The adoption of multiple-input multiple-output (MIMO) techniques in wireless communications systems is fueled by the promises of high spectral efficiency and robustness to multipath fading. A key component of a MIMO system is the MIMO detector at the receiver, whose job is to recover the symbols that are transmitted simultaneously from multiple transmitting antennas. In practical applications, the MIMO detector is often the bottleneck for both performance and complexity.
This tutorial presents the basic principles of MIMO detection. We describe the fundamental problem, and present an overview of MIMO techniques that are used in practice. These include linear detection techniques, such as the zero-forcing and mibomnimum-MSE detectors. We will provide several views of the decision-feedback detector, including the nulling-and-cancelling view, the matrix view, the Gram-Schmidt view, the whitened-matched filter view, and the linear-prediction view. We will compare the ZF and MMSE versions of these detectors. We will also describe multistage detectors and tree-based detectors like the sphere detector and its variations, as well as lattice-aided detectors. The impact of ordering on performance and complexity will be described.
This tutorial will provide an overview of MIMO detection as currently practiced, and it will identify emerging trends and current research in this area.
This tutorial will benefit practicing engineers and researchers who are interested in understanding and doing research in MIMO and related topics, particularly those who are engaged in the design of high-speed wireless data systems. MIMO is currently a very hot topic in both the academic and industrial communities and it is anticipated that this tutorial will be very well attended.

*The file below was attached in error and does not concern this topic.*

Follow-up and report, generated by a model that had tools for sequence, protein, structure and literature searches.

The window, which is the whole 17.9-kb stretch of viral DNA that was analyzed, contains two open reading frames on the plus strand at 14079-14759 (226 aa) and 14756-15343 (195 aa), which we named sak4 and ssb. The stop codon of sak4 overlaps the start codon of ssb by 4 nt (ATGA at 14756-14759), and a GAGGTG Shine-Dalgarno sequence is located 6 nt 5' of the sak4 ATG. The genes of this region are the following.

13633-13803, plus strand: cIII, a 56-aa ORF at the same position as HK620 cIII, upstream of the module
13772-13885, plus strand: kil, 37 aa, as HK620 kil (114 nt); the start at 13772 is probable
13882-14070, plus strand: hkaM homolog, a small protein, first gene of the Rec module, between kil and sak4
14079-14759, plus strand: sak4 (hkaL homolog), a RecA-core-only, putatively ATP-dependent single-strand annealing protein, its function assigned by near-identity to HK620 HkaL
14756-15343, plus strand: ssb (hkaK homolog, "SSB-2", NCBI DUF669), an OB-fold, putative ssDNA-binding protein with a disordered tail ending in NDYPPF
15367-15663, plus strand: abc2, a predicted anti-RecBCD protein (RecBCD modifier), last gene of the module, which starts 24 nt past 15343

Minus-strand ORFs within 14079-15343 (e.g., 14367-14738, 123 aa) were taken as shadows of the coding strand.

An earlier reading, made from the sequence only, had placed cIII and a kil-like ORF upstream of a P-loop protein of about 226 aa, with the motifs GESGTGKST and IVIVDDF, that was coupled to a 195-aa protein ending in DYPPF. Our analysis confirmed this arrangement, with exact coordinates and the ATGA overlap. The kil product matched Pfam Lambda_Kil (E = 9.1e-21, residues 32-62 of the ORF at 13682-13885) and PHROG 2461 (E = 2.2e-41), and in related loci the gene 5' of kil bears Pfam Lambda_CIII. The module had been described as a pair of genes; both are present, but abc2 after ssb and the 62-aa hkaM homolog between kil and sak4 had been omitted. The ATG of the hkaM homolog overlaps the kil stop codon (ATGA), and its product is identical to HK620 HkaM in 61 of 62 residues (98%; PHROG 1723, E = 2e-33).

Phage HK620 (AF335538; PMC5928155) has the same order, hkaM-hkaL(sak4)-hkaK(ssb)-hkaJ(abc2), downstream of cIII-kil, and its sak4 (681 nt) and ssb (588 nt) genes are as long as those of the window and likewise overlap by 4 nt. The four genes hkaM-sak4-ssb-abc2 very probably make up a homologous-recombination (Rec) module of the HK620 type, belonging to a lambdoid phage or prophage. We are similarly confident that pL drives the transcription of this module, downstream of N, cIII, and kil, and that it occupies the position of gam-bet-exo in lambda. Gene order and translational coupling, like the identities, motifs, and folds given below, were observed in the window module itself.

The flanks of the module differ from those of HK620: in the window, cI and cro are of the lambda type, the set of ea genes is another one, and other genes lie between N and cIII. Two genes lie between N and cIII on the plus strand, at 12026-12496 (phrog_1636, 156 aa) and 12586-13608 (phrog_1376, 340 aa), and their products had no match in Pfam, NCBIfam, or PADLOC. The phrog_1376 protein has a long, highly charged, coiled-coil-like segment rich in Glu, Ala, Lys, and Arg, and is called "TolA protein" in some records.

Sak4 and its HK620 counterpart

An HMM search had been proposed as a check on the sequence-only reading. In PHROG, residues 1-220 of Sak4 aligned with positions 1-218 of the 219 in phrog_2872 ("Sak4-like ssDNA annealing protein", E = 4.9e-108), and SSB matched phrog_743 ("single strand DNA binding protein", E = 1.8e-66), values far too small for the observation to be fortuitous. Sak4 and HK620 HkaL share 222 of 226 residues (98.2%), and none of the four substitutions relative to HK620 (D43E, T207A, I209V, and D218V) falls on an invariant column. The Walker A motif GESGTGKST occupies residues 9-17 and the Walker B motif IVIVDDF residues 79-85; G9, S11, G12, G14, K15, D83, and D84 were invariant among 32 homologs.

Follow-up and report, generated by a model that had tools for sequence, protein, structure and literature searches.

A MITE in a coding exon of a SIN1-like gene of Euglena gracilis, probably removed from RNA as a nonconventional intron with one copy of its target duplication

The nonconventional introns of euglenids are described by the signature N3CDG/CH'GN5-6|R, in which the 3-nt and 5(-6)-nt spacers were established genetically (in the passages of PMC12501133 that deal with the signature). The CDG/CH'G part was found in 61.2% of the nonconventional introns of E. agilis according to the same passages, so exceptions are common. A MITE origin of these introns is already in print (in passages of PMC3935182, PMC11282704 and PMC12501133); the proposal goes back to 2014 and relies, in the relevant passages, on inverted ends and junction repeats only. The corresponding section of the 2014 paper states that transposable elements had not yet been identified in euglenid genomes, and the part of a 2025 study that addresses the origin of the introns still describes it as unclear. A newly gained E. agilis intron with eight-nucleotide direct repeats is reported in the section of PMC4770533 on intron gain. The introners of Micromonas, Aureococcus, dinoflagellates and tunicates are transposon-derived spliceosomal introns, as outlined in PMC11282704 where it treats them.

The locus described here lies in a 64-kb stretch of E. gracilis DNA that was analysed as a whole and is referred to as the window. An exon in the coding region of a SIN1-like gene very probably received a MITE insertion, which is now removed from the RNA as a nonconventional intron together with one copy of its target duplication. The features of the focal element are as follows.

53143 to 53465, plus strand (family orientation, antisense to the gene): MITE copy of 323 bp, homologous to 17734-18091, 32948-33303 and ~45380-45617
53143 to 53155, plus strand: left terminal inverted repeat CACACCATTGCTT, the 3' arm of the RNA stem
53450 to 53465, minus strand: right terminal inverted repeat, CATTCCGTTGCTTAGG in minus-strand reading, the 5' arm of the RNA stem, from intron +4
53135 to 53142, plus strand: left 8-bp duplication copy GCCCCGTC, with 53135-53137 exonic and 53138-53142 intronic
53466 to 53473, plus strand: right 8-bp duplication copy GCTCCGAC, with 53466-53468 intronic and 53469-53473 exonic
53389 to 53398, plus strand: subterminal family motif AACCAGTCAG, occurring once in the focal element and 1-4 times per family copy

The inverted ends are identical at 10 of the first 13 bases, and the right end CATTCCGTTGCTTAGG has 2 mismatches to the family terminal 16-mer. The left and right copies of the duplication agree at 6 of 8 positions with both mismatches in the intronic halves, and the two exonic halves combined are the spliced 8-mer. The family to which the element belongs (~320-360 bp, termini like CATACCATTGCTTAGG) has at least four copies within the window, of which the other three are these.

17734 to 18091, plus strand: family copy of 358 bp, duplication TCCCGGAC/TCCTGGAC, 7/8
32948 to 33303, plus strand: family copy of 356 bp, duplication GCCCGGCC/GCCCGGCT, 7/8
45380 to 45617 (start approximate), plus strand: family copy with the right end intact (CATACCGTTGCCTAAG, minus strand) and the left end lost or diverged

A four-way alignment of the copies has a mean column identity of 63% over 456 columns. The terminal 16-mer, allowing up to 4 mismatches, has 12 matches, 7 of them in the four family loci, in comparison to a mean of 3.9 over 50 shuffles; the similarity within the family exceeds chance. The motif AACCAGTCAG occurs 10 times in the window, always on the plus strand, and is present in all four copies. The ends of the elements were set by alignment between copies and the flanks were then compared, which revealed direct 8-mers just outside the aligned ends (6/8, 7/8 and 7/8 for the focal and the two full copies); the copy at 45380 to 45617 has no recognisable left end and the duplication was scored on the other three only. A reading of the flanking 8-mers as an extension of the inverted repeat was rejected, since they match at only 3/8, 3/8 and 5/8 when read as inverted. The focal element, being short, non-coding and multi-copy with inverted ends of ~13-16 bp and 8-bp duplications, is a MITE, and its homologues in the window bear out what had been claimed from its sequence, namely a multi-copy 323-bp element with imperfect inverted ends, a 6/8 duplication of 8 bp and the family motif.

Scope and Motivation
The scope of this tutorial is MIMO detection. By way of contrast, our tutorial is not about: capacity analysis, propagation models, space-time codes, transmitter beamforming, feedback schemes, OFDM, etc. Instead, we focus on the signal processing a receiver must do to recover symbols that are transmitted simultaneously from multiple antennas. The motivation for this scope is simple: In real-world applications, detection is the bottleneck for both complexity and performance.
Dr. John R. Barry received the M.S. and Ph.D. degrees from the University of California at Berkeley in 1987 and 1992, respectively, both in electrical engineering. Since 1985 he has held engineering positions in the fields of communications and radar systems at Bell Communications Research, IBM T.J. Watson Research Center, Hughes Aircraft Company, and General Dynamics. He is a frequent author and instructor in the field of MIMO communications. He is a coauthor of Digital Communication, Third Edition, Kluwer, 2004, and the author of Wireless Infrared Communications, Kluwer, 1994. He received the 1992 David J. Griep Memorial Prize and the 1993 Eliahu Jury Award from U.C. Berkeley, a 1993 Research Initiation Award from NSF, and a 1993 IBM Faculty Development Award. He joined the Georgia Tech faculty in 1992, where he is a professor with the School of Electrical and Computer Engineering.